I had certain reservations about this trip. These reservations had absolutely nothing to do with the location, the logistics of my arrival and departure, nor the company I would be keeping over the Canada Day long weekend. My reservations stemmed from my not having gone camping... anywhere, ever. I am talking the whole tent-life, hygiene-maintenance-in-the-bush, bug-spray, outhouse-if-you-are-lucky, no-shower, carting-around-lake-water-to-wash-your-dishes type of camping.
I am a bonafide city dweller. I was born in a big city, I was raised in a big city, I've immigrated from one big city [from Asia: Manila, Philippines] to permanently reside in another big [Canada: Toronto, Ontario] city, and my only concept of any small town, suburban-type, or country living has been sorely influenced by the handful of day trips out to farms and adorable countryside villas where I would don my typical city wear [sans leather oxfords or heels, opting for gumboots or sneakers instead], and prance around happily amongst the wildflowers and the orchard trees. The wilderness in those situations, given my personal experiences in my first ever Oroville away-trip, seemed very much easy to control and predict, and I would still ultimately end those days in my own bed or within comfortable lodgings furnished with a bed, a shower, a toilet, and a sink.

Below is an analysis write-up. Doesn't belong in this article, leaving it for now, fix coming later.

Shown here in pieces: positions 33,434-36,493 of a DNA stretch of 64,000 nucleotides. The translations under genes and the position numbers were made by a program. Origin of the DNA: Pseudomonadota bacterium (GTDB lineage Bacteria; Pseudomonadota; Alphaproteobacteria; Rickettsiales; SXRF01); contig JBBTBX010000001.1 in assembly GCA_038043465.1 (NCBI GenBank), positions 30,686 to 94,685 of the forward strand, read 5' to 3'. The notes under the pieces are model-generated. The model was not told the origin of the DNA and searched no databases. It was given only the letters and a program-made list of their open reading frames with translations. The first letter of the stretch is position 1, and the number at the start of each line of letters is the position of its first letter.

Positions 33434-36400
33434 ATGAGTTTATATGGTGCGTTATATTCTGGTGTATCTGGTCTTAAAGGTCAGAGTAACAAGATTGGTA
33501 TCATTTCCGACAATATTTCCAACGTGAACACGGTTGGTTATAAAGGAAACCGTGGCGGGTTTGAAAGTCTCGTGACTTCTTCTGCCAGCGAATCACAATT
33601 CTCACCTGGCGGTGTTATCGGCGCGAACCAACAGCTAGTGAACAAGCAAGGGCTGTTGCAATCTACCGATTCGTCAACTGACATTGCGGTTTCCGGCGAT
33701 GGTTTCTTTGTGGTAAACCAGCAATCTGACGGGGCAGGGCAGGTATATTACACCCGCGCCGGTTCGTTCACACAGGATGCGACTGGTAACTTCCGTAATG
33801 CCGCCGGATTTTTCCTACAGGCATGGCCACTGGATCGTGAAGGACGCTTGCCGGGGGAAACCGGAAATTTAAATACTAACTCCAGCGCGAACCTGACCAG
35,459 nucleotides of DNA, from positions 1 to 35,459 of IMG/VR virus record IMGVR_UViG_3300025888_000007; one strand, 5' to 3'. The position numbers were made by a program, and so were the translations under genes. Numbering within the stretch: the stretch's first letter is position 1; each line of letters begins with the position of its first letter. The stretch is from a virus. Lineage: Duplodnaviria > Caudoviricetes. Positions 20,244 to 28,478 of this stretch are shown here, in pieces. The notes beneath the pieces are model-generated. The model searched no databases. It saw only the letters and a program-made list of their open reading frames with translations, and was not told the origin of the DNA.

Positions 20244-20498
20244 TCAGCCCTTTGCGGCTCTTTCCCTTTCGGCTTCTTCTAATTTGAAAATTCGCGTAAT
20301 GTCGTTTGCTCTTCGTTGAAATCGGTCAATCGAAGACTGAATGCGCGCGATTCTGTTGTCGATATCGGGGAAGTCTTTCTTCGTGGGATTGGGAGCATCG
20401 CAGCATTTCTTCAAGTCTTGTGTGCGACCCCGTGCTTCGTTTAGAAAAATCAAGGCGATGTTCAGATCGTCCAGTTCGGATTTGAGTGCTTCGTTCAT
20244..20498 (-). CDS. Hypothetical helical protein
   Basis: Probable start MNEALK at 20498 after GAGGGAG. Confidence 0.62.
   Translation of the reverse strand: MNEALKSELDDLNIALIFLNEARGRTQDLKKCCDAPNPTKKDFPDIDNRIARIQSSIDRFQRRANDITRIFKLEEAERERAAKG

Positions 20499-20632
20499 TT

So, yes, I would hail Oroville as my first real experience in the wild. Seasoned wilderness junkies would scoff and laugh at this, yes, but I went into this trip knowing I would be pushing the boundaries of my personal comfort zone, "digitally-out-of-reach", I noted, save for perhaps "through a trained carrier pigeon". I looked at Oroville as my personal Everest of sorts (one of many, at the very least) - a place where I would purposely let go of my obsessive-compulsive need to shower, have smooth legs, tidy hair, and clean clothes.
I jumped into this armed with having only seen instagrams of the place and the joking remarks of Pascal, who told me they would have to arm me with bear spray, mace, and guns in order to be able to "do my business" out in the wild safely and effectively. I laughed these jokes off, though admittedly I was mentally panic-stricken at first, going through the myriad of stored excuses in my head to be able to explain why I will have to pass on this Oroville experience this time.